Editorial Review – Atlanta Stories: Reconstruction

 

Title: Atlanta Stories: Reconstruction

Author: G.M. Lupo

Genre: Southern fiction

 

Atlanta Stories: Reconstruction by G.M. Lupo is the second volume in a series with a strong emphasis on family dynamics and community. The narrative follows several different storylines that all overlap and take place in Atlanta in the late twentieth and early twenty-first centuries. The characters come from diverse backgrounds and face differing struggles, but their stories are connected in that they are all narratives about overcoming difficult times together as a family.

Because Atlanta Stories: Reconstruction features several different stories woven into one narrative, this novel is not the typical book one usually reads. The manner in which the author overlaps and weaves together so many different characters’ lives is fascinating, surprising, and, at times, perplexing. Because of the large cast of characters, keeping straight who is who can prove challenging. Perhaps a list of the cast at the beginning of the book would prove beneficial for some readers who may not be accustomed to reading a novel with so many characters.

The benefit of the many layered storylines is that any reader is sure to find at least one storyline to connect with. The author touches on subjects such as religion, death, drug abuse, romance, money, jobs, growing up, and personal identity.

This novel is heavy on themes, which makes it the ideal candidate for literary fiction. Although nothing huge like an epic journey or a war happens, G.M. Lupo’s narrative focuses on the microcosms in our own backyards and how the day-to-day struggles of people of all ages, races, genders, sexual orientations, and economic backgrounds can provide just as satisfying a story as a novel where the action is large scale. The author’s work is a compilation of several character studies, with at least one character likely to resonate with the reader.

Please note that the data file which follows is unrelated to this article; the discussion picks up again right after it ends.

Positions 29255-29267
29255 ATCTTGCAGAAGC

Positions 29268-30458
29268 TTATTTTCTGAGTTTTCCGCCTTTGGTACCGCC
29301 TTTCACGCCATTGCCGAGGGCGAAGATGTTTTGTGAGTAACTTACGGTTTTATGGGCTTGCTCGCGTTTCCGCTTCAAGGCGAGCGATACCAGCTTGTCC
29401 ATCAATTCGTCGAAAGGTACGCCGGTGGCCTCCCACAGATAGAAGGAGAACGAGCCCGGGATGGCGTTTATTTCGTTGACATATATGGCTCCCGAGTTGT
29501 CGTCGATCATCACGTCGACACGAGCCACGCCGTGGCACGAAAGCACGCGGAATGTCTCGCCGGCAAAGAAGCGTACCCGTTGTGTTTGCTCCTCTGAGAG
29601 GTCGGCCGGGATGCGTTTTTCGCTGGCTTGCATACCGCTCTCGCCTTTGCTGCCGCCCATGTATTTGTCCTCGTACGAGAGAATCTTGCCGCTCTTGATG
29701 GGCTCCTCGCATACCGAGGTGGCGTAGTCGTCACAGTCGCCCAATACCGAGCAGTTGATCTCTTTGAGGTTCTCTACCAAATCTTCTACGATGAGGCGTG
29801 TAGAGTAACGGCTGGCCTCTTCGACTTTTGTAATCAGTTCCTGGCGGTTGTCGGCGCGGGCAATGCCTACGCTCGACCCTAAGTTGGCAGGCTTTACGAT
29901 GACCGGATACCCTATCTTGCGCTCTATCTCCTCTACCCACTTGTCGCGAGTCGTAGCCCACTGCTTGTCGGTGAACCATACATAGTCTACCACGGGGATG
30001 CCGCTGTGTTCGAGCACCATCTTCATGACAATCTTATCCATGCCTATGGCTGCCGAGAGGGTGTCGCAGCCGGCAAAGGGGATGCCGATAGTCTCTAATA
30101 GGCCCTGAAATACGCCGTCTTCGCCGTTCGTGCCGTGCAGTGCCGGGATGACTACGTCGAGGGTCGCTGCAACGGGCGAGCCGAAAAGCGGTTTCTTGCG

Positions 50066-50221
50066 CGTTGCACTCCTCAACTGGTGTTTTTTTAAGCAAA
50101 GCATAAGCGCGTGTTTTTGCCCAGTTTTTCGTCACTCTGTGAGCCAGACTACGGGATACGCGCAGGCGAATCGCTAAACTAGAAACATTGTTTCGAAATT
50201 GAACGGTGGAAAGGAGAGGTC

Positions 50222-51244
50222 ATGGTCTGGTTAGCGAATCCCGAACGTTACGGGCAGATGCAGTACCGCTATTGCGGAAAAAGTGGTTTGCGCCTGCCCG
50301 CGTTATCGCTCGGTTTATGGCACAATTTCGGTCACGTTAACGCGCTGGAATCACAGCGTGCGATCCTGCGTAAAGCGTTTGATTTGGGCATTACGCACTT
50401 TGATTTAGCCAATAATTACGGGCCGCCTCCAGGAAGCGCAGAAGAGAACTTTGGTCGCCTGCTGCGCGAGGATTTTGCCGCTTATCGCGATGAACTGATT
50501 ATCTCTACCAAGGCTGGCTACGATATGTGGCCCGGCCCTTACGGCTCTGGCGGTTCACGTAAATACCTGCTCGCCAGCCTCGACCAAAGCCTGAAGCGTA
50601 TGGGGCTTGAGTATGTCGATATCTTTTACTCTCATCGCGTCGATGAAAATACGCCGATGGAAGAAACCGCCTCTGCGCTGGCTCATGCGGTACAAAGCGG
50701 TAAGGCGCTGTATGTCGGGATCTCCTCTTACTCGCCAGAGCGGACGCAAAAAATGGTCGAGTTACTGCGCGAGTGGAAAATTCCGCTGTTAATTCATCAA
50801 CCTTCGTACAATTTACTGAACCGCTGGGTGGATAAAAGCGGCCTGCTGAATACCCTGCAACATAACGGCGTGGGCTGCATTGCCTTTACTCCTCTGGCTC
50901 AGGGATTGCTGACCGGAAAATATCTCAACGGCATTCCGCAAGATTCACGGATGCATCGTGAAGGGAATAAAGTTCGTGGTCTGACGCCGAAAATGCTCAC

G.M. Lupo’s narrative winds itself well into recent history. The author mentions the 1996 Olympics in Atlanta. September 11, 2001 plays a role in some of the stories, and as the reader is engrossed in the narrative and finds out it’s only three days before the Twin Towers fell, the realization that the world is about to change hits. The rise of the Internet in the 1990s also has a prominent role in the novel.

The author uses easy-to-read language, and most of the narrative is dialogue-driven, which moves the pace of the novel along well. There are sections that are heavy on summary, usually background information and character descriptions, that slow down the narrative at times.

G.M. Lupo employs mostly present tense throughout the stories; however, he uses past tense as well, and the usage of the two tenses can be interpreted as inconsistent. Otherwise, the grammar and punctuation are clean.

Atlanta Stories: Reconstruction is a multi-layered, intertwined narrative with rich characters. G.M. Lupo effectively employs everyday situations in recent history in an all-American city to create fascinating character studies. Readers who enjoy stories with family themes will benefit from reading Atlanta Stories: Reconstruction.

 

 

 

 

This Editorial Review was written by the Book Review Directory staff. To receive a similarly honest, professional review for one of your own books, click here.

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